Please be aware that this discussion guide may contain spoilers!
How does Diane Ackerman's background as a naturalist and a poet inform
her telling of this slice of history? Would a historian of World War II have
told it differently, and, if so, what might have been left out?
Reviews have compared this book to Schindler's List and Hotel
Rwanda. How would you compare them?
Did this book give you a different impression of Poland during World War
II than you had before?
Can you imagine yourself in the same circumstances as Jan and Antonina?
What would you have done?
How would you describe Antonina's relation to animals? To her husband?
How does she navigate the various relationships in the book, given the
extreme circumstances? Is her default position one of trust or distrust?
Do people have a "sixth sense" and how does it relate to "animal
Some might judge Jan and Antonina guilty of anthropomorphizing animals
and nature. Would you? Why or why not?
Can nature be savage or kindor can only humans embody those qualities?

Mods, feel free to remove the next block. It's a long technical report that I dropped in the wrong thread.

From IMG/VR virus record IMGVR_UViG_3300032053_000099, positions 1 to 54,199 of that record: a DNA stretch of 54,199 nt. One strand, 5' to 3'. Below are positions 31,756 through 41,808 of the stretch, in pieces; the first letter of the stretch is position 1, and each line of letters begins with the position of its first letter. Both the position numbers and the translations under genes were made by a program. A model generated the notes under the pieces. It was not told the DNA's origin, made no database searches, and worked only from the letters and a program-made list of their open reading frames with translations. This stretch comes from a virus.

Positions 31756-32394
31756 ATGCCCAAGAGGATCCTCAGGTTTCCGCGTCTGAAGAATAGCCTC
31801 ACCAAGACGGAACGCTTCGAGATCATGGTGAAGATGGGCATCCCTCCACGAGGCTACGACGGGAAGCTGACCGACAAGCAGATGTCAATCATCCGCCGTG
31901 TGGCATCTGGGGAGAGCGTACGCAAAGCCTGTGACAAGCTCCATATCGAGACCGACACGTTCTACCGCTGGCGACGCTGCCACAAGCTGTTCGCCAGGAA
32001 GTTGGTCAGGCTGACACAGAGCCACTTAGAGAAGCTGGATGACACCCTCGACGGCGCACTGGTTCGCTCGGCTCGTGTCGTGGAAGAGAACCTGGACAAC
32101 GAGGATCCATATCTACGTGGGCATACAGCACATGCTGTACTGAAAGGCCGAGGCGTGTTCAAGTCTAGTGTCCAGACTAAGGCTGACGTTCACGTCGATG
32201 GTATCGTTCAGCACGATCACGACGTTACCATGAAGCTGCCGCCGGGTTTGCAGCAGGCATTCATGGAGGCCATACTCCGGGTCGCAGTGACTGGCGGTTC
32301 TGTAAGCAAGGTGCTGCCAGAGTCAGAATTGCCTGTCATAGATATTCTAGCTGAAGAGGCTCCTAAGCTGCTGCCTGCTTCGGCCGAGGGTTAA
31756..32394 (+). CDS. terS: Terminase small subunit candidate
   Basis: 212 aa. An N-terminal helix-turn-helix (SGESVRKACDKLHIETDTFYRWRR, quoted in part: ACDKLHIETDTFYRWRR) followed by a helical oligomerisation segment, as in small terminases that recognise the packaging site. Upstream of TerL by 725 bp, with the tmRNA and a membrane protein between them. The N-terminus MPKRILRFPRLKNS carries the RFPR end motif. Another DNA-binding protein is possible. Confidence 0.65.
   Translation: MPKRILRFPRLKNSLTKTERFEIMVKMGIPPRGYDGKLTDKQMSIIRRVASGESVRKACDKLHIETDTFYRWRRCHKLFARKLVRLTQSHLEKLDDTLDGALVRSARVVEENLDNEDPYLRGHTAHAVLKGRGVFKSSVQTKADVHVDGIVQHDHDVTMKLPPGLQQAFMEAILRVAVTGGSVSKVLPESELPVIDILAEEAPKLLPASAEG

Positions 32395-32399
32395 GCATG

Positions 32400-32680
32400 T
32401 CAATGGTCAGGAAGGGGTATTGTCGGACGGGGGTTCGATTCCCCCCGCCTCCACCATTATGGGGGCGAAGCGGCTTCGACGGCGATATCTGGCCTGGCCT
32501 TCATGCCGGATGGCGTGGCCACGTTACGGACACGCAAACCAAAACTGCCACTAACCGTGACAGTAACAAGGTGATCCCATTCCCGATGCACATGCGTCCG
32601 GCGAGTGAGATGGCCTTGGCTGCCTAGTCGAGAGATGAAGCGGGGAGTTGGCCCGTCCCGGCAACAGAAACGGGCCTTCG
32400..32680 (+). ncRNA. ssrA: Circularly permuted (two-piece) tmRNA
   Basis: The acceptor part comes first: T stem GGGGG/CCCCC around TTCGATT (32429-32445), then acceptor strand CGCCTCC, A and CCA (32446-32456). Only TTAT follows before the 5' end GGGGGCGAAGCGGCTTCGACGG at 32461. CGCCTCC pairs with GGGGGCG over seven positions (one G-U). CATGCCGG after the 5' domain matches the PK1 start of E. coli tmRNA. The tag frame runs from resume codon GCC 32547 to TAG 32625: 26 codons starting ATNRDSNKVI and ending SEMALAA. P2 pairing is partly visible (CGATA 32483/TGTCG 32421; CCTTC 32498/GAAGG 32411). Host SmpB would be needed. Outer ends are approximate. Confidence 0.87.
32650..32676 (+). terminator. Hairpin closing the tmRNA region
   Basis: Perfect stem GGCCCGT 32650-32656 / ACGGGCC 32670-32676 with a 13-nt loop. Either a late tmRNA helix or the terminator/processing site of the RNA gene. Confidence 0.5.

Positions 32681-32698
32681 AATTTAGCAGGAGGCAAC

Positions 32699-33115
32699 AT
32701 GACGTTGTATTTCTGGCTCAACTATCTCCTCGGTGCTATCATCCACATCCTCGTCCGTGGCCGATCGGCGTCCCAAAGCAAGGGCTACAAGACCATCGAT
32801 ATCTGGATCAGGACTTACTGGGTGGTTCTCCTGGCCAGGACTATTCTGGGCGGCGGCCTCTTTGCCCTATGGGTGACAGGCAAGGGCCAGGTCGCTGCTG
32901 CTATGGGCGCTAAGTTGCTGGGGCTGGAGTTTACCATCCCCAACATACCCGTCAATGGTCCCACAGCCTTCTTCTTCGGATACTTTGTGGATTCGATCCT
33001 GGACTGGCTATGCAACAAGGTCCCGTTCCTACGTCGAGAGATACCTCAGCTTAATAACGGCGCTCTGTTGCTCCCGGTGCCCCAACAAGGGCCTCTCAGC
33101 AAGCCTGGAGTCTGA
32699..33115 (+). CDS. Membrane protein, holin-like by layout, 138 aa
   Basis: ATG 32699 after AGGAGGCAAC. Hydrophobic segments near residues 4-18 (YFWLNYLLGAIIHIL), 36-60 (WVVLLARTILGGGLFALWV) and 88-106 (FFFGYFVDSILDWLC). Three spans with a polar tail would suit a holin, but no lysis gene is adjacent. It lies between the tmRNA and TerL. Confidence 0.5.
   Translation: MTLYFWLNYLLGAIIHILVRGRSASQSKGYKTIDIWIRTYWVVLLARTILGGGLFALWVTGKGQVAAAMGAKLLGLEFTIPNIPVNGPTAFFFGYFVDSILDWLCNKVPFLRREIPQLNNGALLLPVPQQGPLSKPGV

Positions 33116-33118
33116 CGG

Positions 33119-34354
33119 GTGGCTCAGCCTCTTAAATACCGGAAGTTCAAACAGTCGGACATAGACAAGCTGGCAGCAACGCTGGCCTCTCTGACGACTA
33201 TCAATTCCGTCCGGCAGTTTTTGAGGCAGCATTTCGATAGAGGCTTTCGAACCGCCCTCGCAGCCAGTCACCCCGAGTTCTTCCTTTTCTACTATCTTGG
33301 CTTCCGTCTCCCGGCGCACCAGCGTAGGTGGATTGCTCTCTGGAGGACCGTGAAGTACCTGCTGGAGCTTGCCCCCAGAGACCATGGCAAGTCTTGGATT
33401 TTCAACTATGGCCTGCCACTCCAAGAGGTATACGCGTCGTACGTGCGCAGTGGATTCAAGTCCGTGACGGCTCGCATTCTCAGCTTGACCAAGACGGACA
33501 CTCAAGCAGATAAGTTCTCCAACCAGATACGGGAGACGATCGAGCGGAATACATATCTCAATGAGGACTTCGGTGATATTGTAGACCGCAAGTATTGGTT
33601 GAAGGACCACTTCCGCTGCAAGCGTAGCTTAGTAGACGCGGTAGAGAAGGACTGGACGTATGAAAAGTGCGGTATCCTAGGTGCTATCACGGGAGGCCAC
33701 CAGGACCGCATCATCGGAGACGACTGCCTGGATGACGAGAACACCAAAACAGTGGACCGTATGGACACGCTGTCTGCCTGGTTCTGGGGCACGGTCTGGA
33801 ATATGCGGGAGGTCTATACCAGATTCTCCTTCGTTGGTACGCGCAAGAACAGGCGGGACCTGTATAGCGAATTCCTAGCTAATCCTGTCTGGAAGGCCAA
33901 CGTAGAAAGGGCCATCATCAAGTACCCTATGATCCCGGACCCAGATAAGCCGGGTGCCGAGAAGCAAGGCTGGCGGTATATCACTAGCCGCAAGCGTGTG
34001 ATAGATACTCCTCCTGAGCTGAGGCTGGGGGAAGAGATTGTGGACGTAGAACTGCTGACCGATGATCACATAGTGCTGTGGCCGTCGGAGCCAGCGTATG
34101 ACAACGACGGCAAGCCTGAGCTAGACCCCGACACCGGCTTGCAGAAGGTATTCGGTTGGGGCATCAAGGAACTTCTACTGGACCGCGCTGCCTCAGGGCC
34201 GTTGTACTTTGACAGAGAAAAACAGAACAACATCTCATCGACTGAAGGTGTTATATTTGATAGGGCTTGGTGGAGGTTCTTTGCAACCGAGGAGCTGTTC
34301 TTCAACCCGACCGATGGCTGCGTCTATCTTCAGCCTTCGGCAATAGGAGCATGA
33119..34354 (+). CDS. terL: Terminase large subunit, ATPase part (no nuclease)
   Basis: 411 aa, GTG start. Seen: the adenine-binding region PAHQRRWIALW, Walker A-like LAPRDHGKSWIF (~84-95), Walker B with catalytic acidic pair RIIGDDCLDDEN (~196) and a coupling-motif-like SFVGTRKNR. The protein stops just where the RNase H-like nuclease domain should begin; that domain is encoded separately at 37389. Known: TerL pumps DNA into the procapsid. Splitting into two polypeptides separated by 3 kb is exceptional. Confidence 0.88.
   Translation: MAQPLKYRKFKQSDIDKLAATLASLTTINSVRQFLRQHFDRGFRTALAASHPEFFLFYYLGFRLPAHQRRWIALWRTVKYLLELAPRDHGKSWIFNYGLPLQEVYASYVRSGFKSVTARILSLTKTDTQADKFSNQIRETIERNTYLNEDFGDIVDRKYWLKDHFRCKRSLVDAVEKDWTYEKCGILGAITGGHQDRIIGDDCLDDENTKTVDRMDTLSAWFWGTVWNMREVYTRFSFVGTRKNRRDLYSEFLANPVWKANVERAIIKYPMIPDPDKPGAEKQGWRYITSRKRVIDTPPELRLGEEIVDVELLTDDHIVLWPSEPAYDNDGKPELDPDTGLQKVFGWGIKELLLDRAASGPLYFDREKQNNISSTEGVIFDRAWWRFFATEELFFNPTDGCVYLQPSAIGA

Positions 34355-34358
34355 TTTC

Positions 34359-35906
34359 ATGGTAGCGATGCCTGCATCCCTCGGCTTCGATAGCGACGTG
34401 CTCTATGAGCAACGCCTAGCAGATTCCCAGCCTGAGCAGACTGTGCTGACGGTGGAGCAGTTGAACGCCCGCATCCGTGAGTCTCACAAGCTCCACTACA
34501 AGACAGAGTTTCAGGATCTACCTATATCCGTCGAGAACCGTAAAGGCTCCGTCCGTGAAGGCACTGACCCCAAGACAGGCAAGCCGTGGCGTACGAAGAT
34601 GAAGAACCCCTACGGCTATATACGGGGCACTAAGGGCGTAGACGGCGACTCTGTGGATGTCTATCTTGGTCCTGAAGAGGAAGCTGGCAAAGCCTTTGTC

As science and the study of animal behavior and communication teach us more
and more about the commonalities between animals and humans, is there still
any dividing line between the human and the animal world? If so, how would
you describe it?
The Nazis had a passion for animals and the natural world. How could
Nazi ideology embrace both a love of nature and the mass murder of human
The drive to "rewrite the genetic code of the entire planet" is not
distinct to Nazism. What similar efforts are alive today? Are there lessons
in Jan and Antonina's story for evaluating the benefits and dangers of
trying to modify or improve upon nature? Do you see any connection between
this story of more than sixty years ago and contemporary environmental
Genetic engineering of foodstuffs is highly contentious. So are
various reproductive technologies that are now common, such as selecting
foror againstvarious characteristics when choosing from sperm or egg
banks. How would various characters in this book have approached these
Unless otherwise stated, this discussion guide is reprinted with the permission of W.W. Norton & Company.
Any page references refer to a USA edition of the book, usually the trade paperback version, and may vary in other editions.
U.S. ebook sales up in 2012, but rate of growth is slowing(May 16 2013) In 2012, trade book sales (i.e. non academic book sales) rose 6.9%, to $15.049 billion, and e-book sales continued to grow, although the rate of growth...